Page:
Coldstream Hills Pinot Noir 2012 $26.60–$35
Yarra Valley, Victoria
Coldstream makes several pinots. In 2012 this included the sensational “reserve” ($85) and two single-vineyard bottlings, The Esplanade ($50) and Deer Crossing ($50) – both of which I rated slightly ahead of the lower priced standard blend. The reserve is built for the long haul, and both single vineyard wines also offer good cellaring. However, the standard blend, often on special at under $30, shows the sophistication of a wine honed and polished over a quarter of a century. It’s well removed from the “strawberry and raspberry” simplicity of many Australian pinots. Instead it presents a deeper, darker side of the variety – more akin to ripe cherry and plum – in a savoury, earthy coat of silky tannin, partly oak derived, and seasoned with a subtle stalkiness derived from whole-bunches included in the ferment. This wine, too, will cellar in the medium term. It benefits from a good aeration now, revealing a little more with every glassful.
Gilberts 3 Lads Cabernet Sauvignon 2011 $18
Mount Barker, Western Australia
Bev Gilbert whizzed through Canberra in September, promoting wines from her family vineyard at Mount Barker. She and husband Jim planted vines on their farm in 1985 and over time built a solid wine business – though they continue to run sheep. They also raised three sons, inspiration for the label of this intensely flavoured cabernet. Cassis like varietal flavours come wrapped in the region’s tight, dry savoury tannins. The Gilberts send their grapes to Cath Oates at nearby Plantagenet Wines for winemaking.
Pizzini Prosecco 2013 $19.50
King Valley, Victoria
Although the variety probably originated in Istria, Croatia, prosecco is best known as the grape of north-eastern Italy’s light, fresh sparkling wines. Italian-descended vignerons in Victoria’s King Valley have adopted it as their own and now make light, fresh, fruity versions like this 2013 vintage from the Pizzini family. The fruit was hand picked and whole-bunch pressed and the juice cold fermented – techniques that preserve pure, fresh fruit character. It’s an aperitif style designed for drinking immediately on release.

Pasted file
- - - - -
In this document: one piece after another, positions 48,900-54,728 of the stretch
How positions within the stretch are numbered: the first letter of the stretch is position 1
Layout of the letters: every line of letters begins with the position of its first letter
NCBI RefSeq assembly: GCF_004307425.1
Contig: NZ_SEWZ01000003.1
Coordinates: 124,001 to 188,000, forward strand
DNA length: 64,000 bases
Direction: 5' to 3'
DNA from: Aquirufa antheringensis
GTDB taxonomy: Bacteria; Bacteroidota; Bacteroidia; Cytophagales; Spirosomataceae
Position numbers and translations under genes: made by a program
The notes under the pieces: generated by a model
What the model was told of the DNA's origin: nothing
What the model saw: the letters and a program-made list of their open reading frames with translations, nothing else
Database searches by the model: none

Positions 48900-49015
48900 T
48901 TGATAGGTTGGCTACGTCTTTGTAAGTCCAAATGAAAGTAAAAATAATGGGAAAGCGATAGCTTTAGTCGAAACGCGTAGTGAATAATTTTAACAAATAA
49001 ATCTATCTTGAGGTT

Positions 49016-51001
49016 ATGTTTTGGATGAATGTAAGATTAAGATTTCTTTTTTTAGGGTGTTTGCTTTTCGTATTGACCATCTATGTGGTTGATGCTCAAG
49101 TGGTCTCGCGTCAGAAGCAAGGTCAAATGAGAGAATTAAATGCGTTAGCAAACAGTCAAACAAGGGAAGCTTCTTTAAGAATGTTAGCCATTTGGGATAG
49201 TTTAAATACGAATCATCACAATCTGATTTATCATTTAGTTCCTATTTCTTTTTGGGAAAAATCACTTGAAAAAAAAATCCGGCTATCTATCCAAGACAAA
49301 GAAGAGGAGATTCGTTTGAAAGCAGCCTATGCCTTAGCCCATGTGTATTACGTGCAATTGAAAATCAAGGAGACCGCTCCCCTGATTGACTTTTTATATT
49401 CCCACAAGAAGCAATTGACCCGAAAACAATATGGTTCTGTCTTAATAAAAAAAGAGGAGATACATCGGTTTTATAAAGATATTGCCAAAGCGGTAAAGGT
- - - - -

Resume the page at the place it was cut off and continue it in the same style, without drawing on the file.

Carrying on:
Pizzini Nebbiolo 2010 $45
Pizzini vineyard, King Valley, Victoria
Pizzini’s nebbiolo accompanied us to Pulp Kitchen, Ainslie, where it upstaged the food. Piedmont’s noble red variety can do that – though more often than not it falls flat, a victim of its intractable tannins. Pizzini’s, however, revealed the charming, elegant side of the variety with an enticing perfume, matched by delicious bittersweet cherry-like flavours. The distinctive, tight tannins arrived, too, but in harmony with that kernel of lovely fruit.
Glorioso Rioja Reserva (Bodegas Palacio) 2007 $27
Vintage Cellars, a retail brand of Coles Liquor Group, imports this 100 per cent tempranillo from Spanish producer, Bodegas Palacio. Under Spanish law, to be called ‘reserva’, Rioja reds must be aged a total of three years, at least one in oak barrel – in this instance French barriques. The oak, however, contributes subtly to a mellow, medium-bodied red that remains vibrant, fruity and fresh six years after vintage. Age seems simply to have rounded off the edges of the tannin, which can be quite pronounced in tempranillo.
Ferngrove Limited Release Malbec 2011 $20
Frankland River, Western Australia
Malbec (also known as cot) is the dominant red grape variety of Cahors, France, and is the national red specialty of Argentina. It originated in France, and shares a mother with the Bordeaux variety, merlot, making the varieties half-siblings. It makes dark, fruity, tannic wines and in Australia is generally blended with other varieties. However, it stands on it own, as demonstrated in Ferngrove’s satisfying, ink-dark, deeply fruity, firmly tannic 2011. Ferngrove, controlled by Hangzhou businessman Xingfa Ma, focuses on exports into Europe, North America and China and recently appointed Angoves as national distributor in Australia, putting the wines in reach of a larger audience.
Copyright © Chris Shanahan 2013
First published 16 October 2013 in the Canberra Times and goodfood.com.au